The article quotes some succulent swipes between Marc Benioff, CEO of Salesforce, and Larry Ellison, CEO of Oracle, and Marc’s former boss.  The quotes are old and largely irrelevant but you have to admit, these guys sure know how to grab a headline.

    Published: 10 years ago

    In my last piece, I discussed with Tien Tzuo, CEO of Zuora, the vagaries of the subscription services market and how Wall Street analysts have a tough time dealing with subscription metrics.  But already I feel a need to go beyond the original piece to add some depth to the piece.

    The nub of the story, and it is not the first time I write about Wall Street and subscription metrics, is that many of the analysts use metrics that value conventional manufacturing era companies rather than subscription companies.  The businesses are different and the ways you measure them need to be different too.

    Just to boil it down a little, when you sell one thing one time and collect all the money then and there instead of repeatedly selling access to a company’s products or services, the money comes in slower and it has to be accounted for differently.  If you value a subscription company for what it brings in this quarter only, as you would a conventional manufacturing company, you are only looking at a small fraction of the value that the subscription company generates.  So, your analysis will be flawed as a result and the advice you give from that analysis won’t be worth much.

    For many years we’ve agonized over the fixation on quarterly results which the analysts pore over to get a sense of how to advise investors.  The problem with this is, of course, that no matter how small the time slice you analyze this way, it is rearward looking and it cannot tell you much about the future.  It’s like steering a boat by only observing its wake.

    But over the weekend I ran across this article in the New York Times by a Harvard Business School professor, Nancy F. Koehn.  “Lincoln’s School of Management” is part of a flood of all things Lincoln this year in which we celebrate the 150th anniversary of the Emancipation Proclamation and it’s worth reading as a buttress to Tzuo’s analysis.

    Tzuo is right in claiming that the analysts have the wrong toolset for the job of analyzing subscription companies, but the issue goes deeper — all the way to asking why we measure what we measure.  One of his points, which the Lincoln article seems to back up is that doing business, not turning somersaults for Wall Street, should be the main emphasis of any business.  It seems like common sense and when you put it this way you wonder why so few people appreciate it.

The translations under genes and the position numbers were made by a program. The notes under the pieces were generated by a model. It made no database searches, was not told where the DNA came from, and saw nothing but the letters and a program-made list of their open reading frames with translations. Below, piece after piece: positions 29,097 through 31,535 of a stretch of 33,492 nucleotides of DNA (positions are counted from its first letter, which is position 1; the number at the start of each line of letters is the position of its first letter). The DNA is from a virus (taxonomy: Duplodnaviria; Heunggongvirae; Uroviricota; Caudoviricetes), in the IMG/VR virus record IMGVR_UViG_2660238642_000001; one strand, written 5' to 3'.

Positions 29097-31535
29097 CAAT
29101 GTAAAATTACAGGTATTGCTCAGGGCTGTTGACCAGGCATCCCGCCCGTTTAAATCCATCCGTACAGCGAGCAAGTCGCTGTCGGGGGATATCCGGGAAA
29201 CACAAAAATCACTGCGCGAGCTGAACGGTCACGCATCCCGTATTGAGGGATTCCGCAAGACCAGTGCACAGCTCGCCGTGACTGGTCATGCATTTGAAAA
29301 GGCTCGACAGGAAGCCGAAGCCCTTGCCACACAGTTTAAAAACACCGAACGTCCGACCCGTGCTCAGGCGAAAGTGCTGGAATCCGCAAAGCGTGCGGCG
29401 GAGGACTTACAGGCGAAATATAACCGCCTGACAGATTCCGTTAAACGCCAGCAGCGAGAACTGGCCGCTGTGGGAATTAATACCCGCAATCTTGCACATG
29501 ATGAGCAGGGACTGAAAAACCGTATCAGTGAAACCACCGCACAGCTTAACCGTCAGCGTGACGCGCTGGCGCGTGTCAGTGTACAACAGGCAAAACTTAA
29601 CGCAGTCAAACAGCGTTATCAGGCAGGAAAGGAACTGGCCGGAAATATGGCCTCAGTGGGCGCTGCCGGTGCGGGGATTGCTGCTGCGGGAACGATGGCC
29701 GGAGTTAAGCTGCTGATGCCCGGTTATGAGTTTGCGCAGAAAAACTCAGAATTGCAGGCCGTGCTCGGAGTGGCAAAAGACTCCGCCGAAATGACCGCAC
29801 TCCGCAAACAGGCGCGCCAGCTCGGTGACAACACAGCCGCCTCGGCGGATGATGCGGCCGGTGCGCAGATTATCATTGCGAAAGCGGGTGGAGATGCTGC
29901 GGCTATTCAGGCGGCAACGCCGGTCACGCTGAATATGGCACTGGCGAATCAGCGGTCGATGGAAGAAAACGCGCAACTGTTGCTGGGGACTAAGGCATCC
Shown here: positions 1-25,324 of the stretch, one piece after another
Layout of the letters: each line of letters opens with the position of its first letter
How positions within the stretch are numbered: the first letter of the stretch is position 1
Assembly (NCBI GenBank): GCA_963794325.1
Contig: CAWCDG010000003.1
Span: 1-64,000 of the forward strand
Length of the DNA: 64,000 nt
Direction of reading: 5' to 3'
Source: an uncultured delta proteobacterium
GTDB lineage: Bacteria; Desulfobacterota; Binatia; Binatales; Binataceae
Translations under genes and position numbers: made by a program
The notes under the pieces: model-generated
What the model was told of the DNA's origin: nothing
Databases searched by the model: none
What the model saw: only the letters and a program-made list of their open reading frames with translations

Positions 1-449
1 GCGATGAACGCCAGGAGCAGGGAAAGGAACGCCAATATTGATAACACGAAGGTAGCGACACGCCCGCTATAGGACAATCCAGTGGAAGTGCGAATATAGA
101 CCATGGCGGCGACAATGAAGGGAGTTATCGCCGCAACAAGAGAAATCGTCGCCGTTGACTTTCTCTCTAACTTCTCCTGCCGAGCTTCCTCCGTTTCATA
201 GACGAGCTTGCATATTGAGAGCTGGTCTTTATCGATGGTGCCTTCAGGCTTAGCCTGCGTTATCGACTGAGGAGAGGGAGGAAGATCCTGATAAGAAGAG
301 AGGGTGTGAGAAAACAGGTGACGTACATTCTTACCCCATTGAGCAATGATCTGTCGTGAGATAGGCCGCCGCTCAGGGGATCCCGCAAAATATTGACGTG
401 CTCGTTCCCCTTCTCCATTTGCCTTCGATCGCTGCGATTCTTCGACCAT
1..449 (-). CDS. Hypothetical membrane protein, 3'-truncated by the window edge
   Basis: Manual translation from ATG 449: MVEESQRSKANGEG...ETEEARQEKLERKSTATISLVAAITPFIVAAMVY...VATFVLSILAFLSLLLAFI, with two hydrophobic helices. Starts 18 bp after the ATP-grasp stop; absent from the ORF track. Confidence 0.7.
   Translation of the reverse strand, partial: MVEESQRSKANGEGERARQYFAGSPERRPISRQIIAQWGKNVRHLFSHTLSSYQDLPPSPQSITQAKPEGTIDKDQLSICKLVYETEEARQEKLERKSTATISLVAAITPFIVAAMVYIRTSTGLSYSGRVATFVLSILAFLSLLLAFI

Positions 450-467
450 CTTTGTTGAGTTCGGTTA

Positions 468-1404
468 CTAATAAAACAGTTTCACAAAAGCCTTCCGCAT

Companies that focus on their knitting rather than the analysts in the grandstands do better for customers, employees and shareholders over the long run.  That’s what the Lincoln piece is about and it’s what Tzuo has been telling anyone who would listen as he has extolled the virtues of subscriptions.

    Published: 10 years ago

    Look, we know the old truism that if you don’t have customers and profits you don’t have a business, you have a hobby.  But could we please get a little balance on the profit idea?

    Emerging companies typically don’t declare profits because they use excess cash to fuel growth.  Anything left over is plowed back into the business.  If the company is public, its stock price rises not because of some magical ratio of earnings or dividends to share price, but because the money the company invests in its people, processes, technologies, research and development and products make it a more valuable entity to anyone looking at its future.  The mini-computer makers were famous for this.  I recall Digital rising to $199.50 per share with never a dividend.  It’s a good model.

    This is the basis for my argument that subscription companies are being given short shrift by Wall Street analysts because they apply metrics more in tune with the manufacturing era than the information age.  You might disagree because companies like Salesforce, NetSuite and many others not yet public get plenty of attention.  But that misses the mark.